Kakadu Mayday Call: Mining Giant Rio Tinto Must Act Now

May 1, 2003

Kakadu Mayday Call: Mining Giant Rio Tinto Must Act Now

Friends of the Earth Australia
Australian Conservation Foundation
Environment Centre NT (ECNT)

Leading environmental groups will call on British based mining giant Rio Tinto to honour its existing commitments and begin rehabilitating the stalled Jabiluka uranium mine site in Kakadu National Park at the company's annual meeting in Perth today. A statement from senior Mirrar traditional owner Yvonne Margarula calling for rehabilitation and clear consent provisions will also be presented at today's meeting.

Last year the Chairman of Rio Tinto, Sir Robert Wilson, gave an unequivocal commitment on BBC television to rehabilitate Jabiluka and to not develop the project without the consent of the region's Mirrar traditional Aboriginal owners but since this time the company has failed to act. Sir Robert retires in October 2003 and there are growing concerns that Rio Tinto will resile from this commitment at this time.

Rio Tinto owns 68% of the controversial Kakadu uranium miner Energy Resources of Australia (ERA) which is pushing to develop Jabiluka despite strong opposition from the Mirrar people and the wider Australian community. Rio Tinto also dominates the ERA Board and management positions and policies.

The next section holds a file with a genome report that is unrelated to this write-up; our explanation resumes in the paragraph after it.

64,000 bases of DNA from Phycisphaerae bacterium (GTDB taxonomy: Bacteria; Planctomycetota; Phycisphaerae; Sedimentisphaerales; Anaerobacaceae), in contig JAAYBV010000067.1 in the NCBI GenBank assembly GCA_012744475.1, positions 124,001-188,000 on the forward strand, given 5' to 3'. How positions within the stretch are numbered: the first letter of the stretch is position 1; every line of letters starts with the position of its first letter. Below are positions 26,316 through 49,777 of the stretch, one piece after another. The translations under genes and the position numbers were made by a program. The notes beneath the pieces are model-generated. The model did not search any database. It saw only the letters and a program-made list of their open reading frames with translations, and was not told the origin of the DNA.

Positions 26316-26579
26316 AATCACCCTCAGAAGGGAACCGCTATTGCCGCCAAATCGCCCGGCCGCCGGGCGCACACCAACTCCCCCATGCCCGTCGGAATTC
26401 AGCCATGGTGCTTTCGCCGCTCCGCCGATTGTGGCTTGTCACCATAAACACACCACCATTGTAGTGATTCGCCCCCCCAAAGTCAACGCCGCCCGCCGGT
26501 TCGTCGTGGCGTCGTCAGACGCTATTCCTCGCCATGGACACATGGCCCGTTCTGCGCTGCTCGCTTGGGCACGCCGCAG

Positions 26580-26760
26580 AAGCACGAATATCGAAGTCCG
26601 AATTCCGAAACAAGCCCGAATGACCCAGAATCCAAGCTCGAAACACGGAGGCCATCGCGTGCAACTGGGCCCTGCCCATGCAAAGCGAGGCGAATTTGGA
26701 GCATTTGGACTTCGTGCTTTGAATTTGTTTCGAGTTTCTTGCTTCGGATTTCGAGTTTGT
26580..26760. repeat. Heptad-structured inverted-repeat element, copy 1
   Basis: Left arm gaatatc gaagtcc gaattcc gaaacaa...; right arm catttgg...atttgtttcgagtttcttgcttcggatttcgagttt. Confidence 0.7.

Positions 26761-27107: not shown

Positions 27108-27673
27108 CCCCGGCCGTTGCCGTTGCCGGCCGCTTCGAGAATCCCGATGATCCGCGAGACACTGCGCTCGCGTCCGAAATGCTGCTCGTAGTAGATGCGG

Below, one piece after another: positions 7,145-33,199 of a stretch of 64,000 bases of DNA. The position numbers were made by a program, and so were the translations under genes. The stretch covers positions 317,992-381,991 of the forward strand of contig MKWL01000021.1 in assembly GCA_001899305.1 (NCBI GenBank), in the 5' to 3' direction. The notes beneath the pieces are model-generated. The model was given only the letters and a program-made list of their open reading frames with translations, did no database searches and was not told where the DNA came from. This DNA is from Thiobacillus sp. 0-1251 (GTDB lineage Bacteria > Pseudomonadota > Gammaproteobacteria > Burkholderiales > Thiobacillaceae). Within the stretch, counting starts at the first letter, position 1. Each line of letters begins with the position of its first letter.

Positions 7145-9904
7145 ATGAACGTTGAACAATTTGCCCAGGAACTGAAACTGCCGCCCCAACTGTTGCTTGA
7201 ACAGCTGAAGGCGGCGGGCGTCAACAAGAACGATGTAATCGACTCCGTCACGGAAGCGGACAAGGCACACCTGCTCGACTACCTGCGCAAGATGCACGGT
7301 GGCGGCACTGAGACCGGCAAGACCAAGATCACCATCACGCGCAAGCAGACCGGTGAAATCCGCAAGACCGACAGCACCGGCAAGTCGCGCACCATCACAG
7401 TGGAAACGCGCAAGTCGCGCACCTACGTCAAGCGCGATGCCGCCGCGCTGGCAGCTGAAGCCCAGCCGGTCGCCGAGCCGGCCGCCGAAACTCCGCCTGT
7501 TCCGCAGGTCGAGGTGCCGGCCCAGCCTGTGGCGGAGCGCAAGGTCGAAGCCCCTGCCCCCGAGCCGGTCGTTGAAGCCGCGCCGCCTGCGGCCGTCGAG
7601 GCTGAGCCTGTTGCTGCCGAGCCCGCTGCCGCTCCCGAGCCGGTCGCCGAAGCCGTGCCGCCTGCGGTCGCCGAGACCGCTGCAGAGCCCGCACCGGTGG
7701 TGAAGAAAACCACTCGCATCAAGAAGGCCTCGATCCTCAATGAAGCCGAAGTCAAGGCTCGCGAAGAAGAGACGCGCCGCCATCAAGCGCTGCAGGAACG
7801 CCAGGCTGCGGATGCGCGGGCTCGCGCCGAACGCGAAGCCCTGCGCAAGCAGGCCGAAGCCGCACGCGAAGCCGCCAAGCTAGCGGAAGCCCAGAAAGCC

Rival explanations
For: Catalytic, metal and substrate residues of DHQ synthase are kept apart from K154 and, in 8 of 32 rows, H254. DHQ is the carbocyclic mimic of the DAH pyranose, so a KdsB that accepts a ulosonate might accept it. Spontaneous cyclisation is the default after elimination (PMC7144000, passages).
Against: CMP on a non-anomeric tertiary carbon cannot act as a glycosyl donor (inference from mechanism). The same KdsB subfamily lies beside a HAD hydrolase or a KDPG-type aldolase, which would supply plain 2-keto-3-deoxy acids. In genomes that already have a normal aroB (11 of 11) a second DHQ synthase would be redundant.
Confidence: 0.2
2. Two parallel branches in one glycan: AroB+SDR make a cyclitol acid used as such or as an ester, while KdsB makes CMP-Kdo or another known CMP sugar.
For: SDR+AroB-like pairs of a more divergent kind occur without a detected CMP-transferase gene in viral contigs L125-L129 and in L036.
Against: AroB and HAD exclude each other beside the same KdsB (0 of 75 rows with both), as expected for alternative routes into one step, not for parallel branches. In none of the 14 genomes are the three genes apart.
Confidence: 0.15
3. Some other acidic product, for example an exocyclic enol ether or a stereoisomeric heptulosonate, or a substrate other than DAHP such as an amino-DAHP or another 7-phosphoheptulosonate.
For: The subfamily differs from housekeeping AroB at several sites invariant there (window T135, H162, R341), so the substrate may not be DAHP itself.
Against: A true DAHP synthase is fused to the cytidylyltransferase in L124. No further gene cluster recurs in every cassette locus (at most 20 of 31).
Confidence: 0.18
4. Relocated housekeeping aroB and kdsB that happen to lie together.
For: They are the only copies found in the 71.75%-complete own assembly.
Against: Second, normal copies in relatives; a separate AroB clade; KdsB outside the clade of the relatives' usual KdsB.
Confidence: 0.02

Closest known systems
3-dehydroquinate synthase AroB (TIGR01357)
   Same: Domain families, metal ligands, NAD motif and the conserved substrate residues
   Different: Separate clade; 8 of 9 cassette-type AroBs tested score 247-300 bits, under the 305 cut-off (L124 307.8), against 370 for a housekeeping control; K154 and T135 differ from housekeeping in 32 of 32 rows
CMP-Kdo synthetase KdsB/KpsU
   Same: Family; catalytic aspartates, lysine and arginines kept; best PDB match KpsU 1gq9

Concerns over Jabiluka were raised at Rio Tinto's London meeting prior to Easter and the issue dominated ERA's annual meeting held on Monday in Sydney.

"There is a growing tension and an increasing gulf between Rio Tinto's promises and ERA?s actions over Jabiluka," said ACF nuclear campaigner Dave Sweeney. "Jabiluka is a key domestic and international test of Rio Tinto?s self-stated commitment to sustainability and consultation and Rio must put words into action."

The struggle over uranium mining at Jabiluka has been one of the most extensive environmental battles in Australia and has included a peaceful blockade of the site involving over 5000 people, legal challenges and continuing investigation by the Australian Parliament and UNESCO's World Heritage Committee.

"Jabiluka is inside our largest National Park, is World Heritage listed and is one of the world?s truly unique regions," said Friends of the Earth Australia spokesperson Bruce Thompson. "Rio Tinto?s uranium mining operations directly threaten the natural and cultural heritage of the Kakadu region."

Work on the troubled project has been stalled since September 1999 because of Mirrar and wider community opposition and a depressed international uranium market.

"Rio Tinto can not hide from scrutiny or shirk its responsibilities and promises," said Mark Wakeham from the Environment Centre of the Northern Territory. "It has said it will clean up Jabiluka and respect the Mirrar people's wishes ? this meeting is a good place to start. Rio's credibility will erode every day it fails to act."

For further information or comment contact:
Dave Sweeney Australian Conservation Foundation 0408 317 812
Bruce Thompson Friends of the Earth 0417 318 368
Mark Wakeham Environment Centre NT 0412 853 641